Do you know your blood pressure? Are you one of the 70 million American adults who have high blood pressure and trying to lower it with medication? Globally, an estimated 40 percent of adults over the age of 25 have high blood pressure. About 7.5 million deaths occur yearly as a result. Unfortunately, many people don’t know they have high blood pressure, which is why it is often called a “silent killer.”
What is blood pressure?
The heart pumps blood through your body for oxygen and energy. While blood travels, it pushes against the sides of the blood vessels. This is the force we measure when taking blood pressure. While this pressure varies throughout the day and with activity, a constantly high blood pressure (frequently over 140/90) is a reason for concern.
What can you do to avoid blood pressure?
To many, these things seem like a no-brainer. Eat a healthy diet, rich in nutrient-dense natural foods that are low in refined carbs and sugar. Don’t smoke. Don’t drink too much. Exercise. Practice mindfulness. Maintain a healthy weight. Get enough sleep.
But what do you do if you already have high blood pressure? Below, find a list of 12 kitchen remedies that may help you lower it. There are some you may actually have in your kitchen right now.
A study published in the Indian Journal of Biochemistry and Biophysics found that people who were given a teaspoon of cardamom powder daily for several weeks saw a significant decrease in blood pressure. If you like Indian cuisine, you’ll love this news.
Like cardamom, ginger is a warming spice which helps in improving your circulation. Ginger can be added to recipes as a spice, or you can even combine cardamom and ginger and make a heart-healthy tea. You can use it fresh, as a spice or soaked with cardamom powder. Maybe add in a little bit of cinnamon and honey for a delicious concoction.
Speaking of cinnamon, this great spice has also been shown to lower blood glucose and blood pressure when used on diabetes patients. Cinnamon can be used in teas, but it is also available in the form of capsules. It is also sometimes used to curb appetite due to its properties that regulate blood glucose.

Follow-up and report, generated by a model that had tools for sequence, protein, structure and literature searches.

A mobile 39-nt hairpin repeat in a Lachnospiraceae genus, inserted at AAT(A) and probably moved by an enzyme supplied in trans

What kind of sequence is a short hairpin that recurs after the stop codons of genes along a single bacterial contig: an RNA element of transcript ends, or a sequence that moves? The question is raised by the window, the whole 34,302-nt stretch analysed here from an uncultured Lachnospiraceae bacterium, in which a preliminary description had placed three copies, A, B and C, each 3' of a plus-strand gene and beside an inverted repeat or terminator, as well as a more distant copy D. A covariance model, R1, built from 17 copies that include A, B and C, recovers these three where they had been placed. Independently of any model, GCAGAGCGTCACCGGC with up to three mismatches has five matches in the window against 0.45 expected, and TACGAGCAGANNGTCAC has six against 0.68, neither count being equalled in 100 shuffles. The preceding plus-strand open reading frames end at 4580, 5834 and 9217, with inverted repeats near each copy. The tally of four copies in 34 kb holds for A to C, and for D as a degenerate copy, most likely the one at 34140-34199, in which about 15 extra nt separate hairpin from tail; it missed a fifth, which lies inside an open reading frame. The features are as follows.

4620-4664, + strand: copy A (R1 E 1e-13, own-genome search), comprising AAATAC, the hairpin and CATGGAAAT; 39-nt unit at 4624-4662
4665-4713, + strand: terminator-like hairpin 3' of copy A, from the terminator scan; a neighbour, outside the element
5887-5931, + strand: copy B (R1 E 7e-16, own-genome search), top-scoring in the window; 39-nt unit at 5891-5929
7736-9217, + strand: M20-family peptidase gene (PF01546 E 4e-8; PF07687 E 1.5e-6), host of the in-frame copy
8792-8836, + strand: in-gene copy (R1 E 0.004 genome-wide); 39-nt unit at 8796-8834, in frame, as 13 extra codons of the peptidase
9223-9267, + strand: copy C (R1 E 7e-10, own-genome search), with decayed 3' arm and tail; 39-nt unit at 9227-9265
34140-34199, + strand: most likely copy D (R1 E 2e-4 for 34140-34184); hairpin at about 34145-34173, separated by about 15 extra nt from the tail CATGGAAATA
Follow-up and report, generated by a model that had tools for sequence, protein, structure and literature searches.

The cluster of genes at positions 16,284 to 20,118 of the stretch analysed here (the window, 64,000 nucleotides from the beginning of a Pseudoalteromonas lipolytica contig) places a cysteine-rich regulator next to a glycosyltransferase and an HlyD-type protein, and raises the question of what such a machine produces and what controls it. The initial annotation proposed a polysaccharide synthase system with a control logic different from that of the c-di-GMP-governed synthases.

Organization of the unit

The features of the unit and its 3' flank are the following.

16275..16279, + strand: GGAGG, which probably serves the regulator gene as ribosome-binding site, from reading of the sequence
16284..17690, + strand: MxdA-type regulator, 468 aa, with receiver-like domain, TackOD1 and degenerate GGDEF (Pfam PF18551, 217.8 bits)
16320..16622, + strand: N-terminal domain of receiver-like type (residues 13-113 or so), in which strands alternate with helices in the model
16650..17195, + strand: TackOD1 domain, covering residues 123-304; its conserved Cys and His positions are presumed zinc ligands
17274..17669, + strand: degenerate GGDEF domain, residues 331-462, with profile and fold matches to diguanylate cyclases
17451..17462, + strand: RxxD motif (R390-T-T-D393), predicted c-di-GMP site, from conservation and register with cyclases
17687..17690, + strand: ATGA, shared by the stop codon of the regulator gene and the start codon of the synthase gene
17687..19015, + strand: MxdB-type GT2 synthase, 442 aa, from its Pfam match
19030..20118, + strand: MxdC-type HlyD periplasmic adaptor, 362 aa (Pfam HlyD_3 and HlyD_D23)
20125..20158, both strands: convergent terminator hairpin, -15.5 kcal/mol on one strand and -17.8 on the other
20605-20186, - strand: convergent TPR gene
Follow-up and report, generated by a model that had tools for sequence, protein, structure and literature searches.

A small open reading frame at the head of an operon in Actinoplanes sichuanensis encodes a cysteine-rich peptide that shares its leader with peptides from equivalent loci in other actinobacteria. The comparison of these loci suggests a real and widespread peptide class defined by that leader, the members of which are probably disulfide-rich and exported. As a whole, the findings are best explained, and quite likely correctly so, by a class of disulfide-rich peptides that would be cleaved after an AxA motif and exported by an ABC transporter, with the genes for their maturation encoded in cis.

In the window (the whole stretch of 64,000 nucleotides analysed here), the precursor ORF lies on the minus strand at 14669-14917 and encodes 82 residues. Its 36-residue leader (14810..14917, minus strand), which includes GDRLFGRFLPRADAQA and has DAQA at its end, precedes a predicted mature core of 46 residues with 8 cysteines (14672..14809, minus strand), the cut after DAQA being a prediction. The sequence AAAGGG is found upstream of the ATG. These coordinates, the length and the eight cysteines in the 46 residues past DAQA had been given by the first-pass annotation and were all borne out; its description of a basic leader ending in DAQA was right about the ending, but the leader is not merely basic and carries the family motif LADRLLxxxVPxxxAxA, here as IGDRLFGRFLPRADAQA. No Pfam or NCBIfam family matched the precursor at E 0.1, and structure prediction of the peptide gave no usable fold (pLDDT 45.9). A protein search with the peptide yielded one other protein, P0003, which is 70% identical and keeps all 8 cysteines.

4. Hibiscus tea
If cardamom and ginger aren’t your cup of tea, give hibiscus a try. It has also been shown to help lower blood pressure. And sipping on a cup of tea certainly helps to relax the mind.
5. Fish oil
You may have this at home already, but perhaps you’re not taking it regularly. Well, you should definitely start. Fish oil has been linked to lower blood pressure, plus it helps increase “good” cholesterol (the puffy HDL). Be sure to buy a good quality fish oil and store it in the fridge. To avoid fish burps, take it at night right before you go to bed.
Basil tastes delicious in pasta, salad dressing and casseroles. It can be grown pretty easily in your kitchen and will last for months. Basil has been shown to lower blood pressure. However, it should be noted that the effects only last a short time.
7. Potassium-rich foods
Avocado, melon, banana, spinach, acorn squash, sweet potato, mushrooms and dried apricots are high in potassium. This important element helps to counteract sodium and prevent hypertension.
Don’t worry too much about garlic breath. Garlic is a wonderful addition to so many meals and it has been shown to help lower blood pressure. If you just can’t stand the taste of it, or you’re worried about garlic breath at work, it’s also available as a supplement. No risk of smelly breath with all the benefits. As a matter of fact, some sources suggest that garlic in tablets may be higher in allicin, which is directly linked to lowering blood pressure.
9. French lavender
While it is widely known as a way to relax, lavender has also been found to help lower blood pressure. If you’ve never tried using it in your food, now may be the time to experiment. The flowers can be used in baked goods, and the leaves can be used as an herb. Use with your potatoes instead of rosemary. If cooking with it, inhale the scent. The essential oil has also shown a positive effect on lowering blood pressure.
10. Flax seed
Flax seed, like fish oil, is high in omega-3 fatty acids and can help lower blood pressure. You can add it to just about any dish or use it in baked goods. A word of warning: flax goes rancid quickly. It should be kept in the refrigerator and consumed as soon as possible. It is best if you buy flax in small quantities and grind it yourself.
11. Citrus fruit
A study on young women showed that vitamin C helps lower blood pressure. So enjoy that orange or grapefruit. You can also start your day by drinking a glass of warm water with the juice of a freshly squeezed lemon and some raw honey. You’ll start the day off right, improve your digestion and know you’ve done something great for your health first thing in the morning.
Eating a diet high in vegetables eliminates the need (and desire) to eat lots of refined carbs and sugars. You will help your blood pressure stay in the normal range and may even lose weight.
Overall, it is important to make some lifestyle changes to avoid high blood pressure to begin with. These remedies are a wonderful addition but shouldn’t be used by themselves.
It is always a good idea to have your blood pressure checked regularly. You can do this at a doctor’s office, in many grocery stores or at home. Electronic blood pressure cuffs are available for purchase and easy to use. If your blood pressure is dangerously high, you may want to work out a plan with your trusted healthcare professional to make sure you’re on the right track.
— Ute Mitchell